Former President Donald Trump on Sunday criticized American Jews for what he argued was their insufficient praise of his policies toward Israel, warning that they need to “get their act together” before “it is too late!”
The suggestion, made on Trump’s social media platform Truth Social, plays into the antisemitic trope that US Jews have dual loyalties to the US and to Israel, and it drew immediate condemnation.
“No President has done more for Israel than I have,” Trump wrote before saying it was somewhat surprising that “our wonderful Evangelicals are far more appreciative of this than the people of the Jewish faith, especially those living in the U.S.”
The head of the American Defamation League, Jonathan Greenblatt accused Trump of “Jewsplaining.”
“We don’t need the former president, who curries favor with extremists and antisemites, to lecture us about the US-Israel relationship. It is not about a quid pro quo; it rests on shared values and security interests. This ‘Jewsplaining’ is insulting and disgusting,” he wrote.
The Jewish Democratic Council of America similarly lambasted Trump’s remarks. “His threat to Jewish Americans and his continued use of the antisemitic dual loyalty trope fuels hatred against Jews,” the group tweeted. “We will not be threatened by Donald Trump and Jewish Americans will reject GOP bigotry this November.”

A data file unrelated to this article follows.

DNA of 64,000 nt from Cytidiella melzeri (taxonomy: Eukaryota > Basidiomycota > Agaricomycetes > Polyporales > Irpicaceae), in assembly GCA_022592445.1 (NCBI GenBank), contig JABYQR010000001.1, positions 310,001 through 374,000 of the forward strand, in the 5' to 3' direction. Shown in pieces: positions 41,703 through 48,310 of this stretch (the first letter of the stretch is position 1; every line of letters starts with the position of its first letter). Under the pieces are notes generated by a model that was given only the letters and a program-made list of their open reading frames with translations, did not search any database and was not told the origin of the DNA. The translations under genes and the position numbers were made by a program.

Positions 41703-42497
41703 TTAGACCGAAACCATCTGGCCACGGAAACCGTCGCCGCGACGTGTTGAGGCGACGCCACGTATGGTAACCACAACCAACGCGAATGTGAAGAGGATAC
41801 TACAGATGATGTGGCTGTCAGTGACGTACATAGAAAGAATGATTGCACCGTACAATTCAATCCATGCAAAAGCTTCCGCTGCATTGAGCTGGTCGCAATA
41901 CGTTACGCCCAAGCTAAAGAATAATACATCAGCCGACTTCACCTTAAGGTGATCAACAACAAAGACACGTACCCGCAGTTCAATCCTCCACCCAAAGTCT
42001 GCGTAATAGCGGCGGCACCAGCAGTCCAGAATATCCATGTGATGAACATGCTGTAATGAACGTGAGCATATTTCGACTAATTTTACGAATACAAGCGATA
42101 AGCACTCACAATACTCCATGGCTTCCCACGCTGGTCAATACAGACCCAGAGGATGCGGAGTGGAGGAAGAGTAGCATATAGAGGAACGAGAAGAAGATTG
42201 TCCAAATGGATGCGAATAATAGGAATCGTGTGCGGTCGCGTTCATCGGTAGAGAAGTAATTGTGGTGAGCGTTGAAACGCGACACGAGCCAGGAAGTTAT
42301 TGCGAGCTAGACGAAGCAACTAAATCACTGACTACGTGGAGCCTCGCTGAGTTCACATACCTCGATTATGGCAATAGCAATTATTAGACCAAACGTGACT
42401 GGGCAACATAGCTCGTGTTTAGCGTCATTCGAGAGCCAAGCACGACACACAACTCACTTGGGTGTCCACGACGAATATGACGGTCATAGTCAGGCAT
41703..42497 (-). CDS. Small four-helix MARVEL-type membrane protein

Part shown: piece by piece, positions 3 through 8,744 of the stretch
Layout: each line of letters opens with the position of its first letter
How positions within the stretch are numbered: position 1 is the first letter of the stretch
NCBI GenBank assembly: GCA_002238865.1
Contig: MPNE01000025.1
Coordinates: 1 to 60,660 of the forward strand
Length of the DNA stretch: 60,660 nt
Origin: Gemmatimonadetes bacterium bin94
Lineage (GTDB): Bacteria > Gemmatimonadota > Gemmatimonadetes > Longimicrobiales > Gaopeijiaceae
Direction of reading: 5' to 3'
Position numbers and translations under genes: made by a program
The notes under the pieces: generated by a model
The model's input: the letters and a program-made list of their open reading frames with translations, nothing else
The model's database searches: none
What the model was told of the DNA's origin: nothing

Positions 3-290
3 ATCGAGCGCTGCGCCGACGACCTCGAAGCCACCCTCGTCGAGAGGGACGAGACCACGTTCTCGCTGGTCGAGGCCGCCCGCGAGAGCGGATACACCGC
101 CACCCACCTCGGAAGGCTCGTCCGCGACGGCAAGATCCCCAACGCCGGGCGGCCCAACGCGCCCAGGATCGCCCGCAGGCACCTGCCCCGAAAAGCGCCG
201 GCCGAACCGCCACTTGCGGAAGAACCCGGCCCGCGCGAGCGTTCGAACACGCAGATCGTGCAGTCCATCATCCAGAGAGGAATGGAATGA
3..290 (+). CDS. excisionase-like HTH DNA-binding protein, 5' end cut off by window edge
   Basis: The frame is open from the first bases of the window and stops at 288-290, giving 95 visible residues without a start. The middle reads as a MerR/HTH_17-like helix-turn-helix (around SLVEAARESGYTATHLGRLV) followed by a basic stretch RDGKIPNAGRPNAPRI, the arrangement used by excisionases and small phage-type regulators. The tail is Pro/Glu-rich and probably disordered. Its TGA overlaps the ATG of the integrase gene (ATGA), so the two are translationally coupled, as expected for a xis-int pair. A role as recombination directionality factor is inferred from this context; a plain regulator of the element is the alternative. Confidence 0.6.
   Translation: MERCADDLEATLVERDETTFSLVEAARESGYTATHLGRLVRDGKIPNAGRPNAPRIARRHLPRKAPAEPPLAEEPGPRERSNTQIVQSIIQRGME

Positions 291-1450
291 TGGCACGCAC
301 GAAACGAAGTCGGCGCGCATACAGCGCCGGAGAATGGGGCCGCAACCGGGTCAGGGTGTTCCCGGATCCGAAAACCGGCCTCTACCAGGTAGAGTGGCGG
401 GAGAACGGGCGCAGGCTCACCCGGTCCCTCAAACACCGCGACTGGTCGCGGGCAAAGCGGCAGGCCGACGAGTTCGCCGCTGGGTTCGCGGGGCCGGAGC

Trump’s comments echo an argument he has made before. In an interview last December, the former President argued that Jewish Americans “either don’t like Israel or don’t care about Israel,” and also repeated his claim that evangelicals “love Israel more than the Jews in this country.”
A Pew Research survey released in 2021 found that 45% of Jewish adults in the US viewed caring about Israel as “essential” to what being Jewish means, with an additional 37% saying it was “important, but not essential.” Only 16% said caring about Israel was “not important.”
During his first campaign for president, Trump delivered a speech to the Republican Jewish Coalition that was rife with antisemitic stereotypes.